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How to Become a Loan Modification Processor

by Carl Carabelli

A loan modification processor is responsible for the documentation and processing of agreements that change mortgage terms. Typically, a loan processor handles multiple loan types, including modifications. However, larger banks with many loan accounts will have individuals dedicated to only modifications. To become a loan modification processor, you must have the proper training.

Education

A loan processor job is typically an entry-level position and requires little more than a high school education. However, a college degree will help you stand out against other candidates with just a high school diploma. Majors that will give you an extra push to break in include finance, economics or business administration.

Hiring

When you begin looking for a job, visit lender websites. These sites typically have a “Careers” section. Processor jobs in particular are often advertised on company websites since they are entry level positions. You can also scour job listing websites and newspaper classifieds. Even if you don’t see openings, don’t be discouraged. Lenders often have needs even if they’re not posted at the present time. Someone could be retiring, leaving or advancing internally, freeing up a job in the near future. Send resumes and query letters to lenders and you could potentially move to the front of the line for these future vacancies.

Training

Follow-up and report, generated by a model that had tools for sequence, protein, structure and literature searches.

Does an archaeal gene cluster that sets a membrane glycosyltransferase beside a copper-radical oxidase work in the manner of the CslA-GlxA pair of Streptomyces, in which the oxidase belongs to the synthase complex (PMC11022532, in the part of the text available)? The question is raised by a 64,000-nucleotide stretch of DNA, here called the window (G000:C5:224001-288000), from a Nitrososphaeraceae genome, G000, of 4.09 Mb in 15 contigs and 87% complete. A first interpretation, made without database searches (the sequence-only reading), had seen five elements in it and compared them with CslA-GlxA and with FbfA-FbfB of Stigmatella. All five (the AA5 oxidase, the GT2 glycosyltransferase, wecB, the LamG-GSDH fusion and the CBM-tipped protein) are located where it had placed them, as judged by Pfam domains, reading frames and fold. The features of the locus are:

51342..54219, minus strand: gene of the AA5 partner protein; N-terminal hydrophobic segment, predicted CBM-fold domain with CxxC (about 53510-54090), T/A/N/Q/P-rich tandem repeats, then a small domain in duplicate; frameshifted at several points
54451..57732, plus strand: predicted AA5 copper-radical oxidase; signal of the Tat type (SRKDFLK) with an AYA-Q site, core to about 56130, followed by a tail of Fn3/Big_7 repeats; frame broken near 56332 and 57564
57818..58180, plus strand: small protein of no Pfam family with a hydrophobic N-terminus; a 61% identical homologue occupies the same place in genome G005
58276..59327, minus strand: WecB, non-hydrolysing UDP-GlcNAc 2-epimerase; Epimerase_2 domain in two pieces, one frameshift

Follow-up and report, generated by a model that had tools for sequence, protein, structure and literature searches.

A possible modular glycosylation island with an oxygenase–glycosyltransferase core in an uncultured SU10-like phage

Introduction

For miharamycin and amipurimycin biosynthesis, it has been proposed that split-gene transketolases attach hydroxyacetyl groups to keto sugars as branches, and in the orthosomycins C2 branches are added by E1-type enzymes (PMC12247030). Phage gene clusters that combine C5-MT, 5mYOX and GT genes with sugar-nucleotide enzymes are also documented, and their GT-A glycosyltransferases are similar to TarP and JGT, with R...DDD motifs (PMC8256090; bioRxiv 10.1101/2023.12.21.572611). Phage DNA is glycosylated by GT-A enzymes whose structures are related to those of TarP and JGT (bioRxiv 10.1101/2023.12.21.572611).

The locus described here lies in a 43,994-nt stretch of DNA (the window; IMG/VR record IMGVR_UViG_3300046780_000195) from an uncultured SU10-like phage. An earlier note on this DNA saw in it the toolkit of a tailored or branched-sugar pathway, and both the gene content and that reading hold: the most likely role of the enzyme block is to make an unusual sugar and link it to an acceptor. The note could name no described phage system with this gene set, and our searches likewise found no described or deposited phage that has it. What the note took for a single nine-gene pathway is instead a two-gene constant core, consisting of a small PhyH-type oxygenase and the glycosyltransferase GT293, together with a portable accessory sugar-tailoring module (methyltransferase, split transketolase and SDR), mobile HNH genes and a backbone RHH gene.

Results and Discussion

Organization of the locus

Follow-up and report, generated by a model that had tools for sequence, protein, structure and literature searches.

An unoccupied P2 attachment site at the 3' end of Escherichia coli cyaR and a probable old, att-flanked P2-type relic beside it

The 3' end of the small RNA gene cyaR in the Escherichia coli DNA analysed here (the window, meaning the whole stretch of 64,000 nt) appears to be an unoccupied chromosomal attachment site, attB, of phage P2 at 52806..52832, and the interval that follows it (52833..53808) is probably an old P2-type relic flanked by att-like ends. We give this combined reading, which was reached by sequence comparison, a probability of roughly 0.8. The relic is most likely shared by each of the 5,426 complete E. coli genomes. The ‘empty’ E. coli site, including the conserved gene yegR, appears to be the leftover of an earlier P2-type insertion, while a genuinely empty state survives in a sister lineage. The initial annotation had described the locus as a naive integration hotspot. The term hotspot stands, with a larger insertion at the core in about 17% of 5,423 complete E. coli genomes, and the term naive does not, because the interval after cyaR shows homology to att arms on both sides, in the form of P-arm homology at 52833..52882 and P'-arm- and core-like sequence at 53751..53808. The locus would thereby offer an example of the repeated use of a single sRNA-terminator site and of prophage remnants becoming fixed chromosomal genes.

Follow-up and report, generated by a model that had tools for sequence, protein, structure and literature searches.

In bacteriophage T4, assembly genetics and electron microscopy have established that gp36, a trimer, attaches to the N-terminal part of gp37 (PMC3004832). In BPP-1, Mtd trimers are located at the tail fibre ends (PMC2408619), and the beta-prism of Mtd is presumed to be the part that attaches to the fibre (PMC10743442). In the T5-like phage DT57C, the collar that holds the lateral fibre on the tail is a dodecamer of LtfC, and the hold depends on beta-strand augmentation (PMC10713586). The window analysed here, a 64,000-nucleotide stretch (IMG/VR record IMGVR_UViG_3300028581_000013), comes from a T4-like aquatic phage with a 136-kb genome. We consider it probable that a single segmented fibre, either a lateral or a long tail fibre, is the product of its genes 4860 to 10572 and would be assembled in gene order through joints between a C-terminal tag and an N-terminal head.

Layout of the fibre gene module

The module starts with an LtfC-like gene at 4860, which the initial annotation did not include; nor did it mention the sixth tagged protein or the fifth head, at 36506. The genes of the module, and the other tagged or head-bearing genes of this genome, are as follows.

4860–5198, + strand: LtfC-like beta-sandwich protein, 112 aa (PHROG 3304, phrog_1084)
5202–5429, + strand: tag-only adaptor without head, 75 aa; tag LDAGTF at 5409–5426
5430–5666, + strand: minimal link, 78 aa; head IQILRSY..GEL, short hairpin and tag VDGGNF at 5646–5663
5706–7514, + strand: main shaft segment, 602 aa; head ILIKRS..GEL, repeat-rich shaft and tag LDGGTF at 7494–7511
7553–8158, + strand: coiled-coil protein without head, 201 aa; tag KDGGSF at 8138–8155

Training for a loan processor job is done on-the-job. You will have a brief orientation period where you will learn about the company and your place in the organization. You will then begin to work on the lender’s processing system under the supervision of a senior processor. As you become more adept at using the system, you will process more loans on your own. At first, you will work on all types of loans, including new loans, extensions, renewals and modifications.

Specializing

As you begin to work more independently, you may be assigned a particular loan transaction to process. If you work for a small credit union, for example, chances are you will process all types of loans, including modifications. If you work for a large national bank dealing in thousands of loans per month, however, it will have a dedicated processing staff for modifications. To get assigned to this division, you will need to first show proficiency and accuracy in your processing work. Next, make a request of your supervisor that you be assigned to modifications. If there is an opening and your work is up to par, your supervisor will likely assign you that particular specialty. If not, you might have to either gain more processing experience or wait until a position becomes available.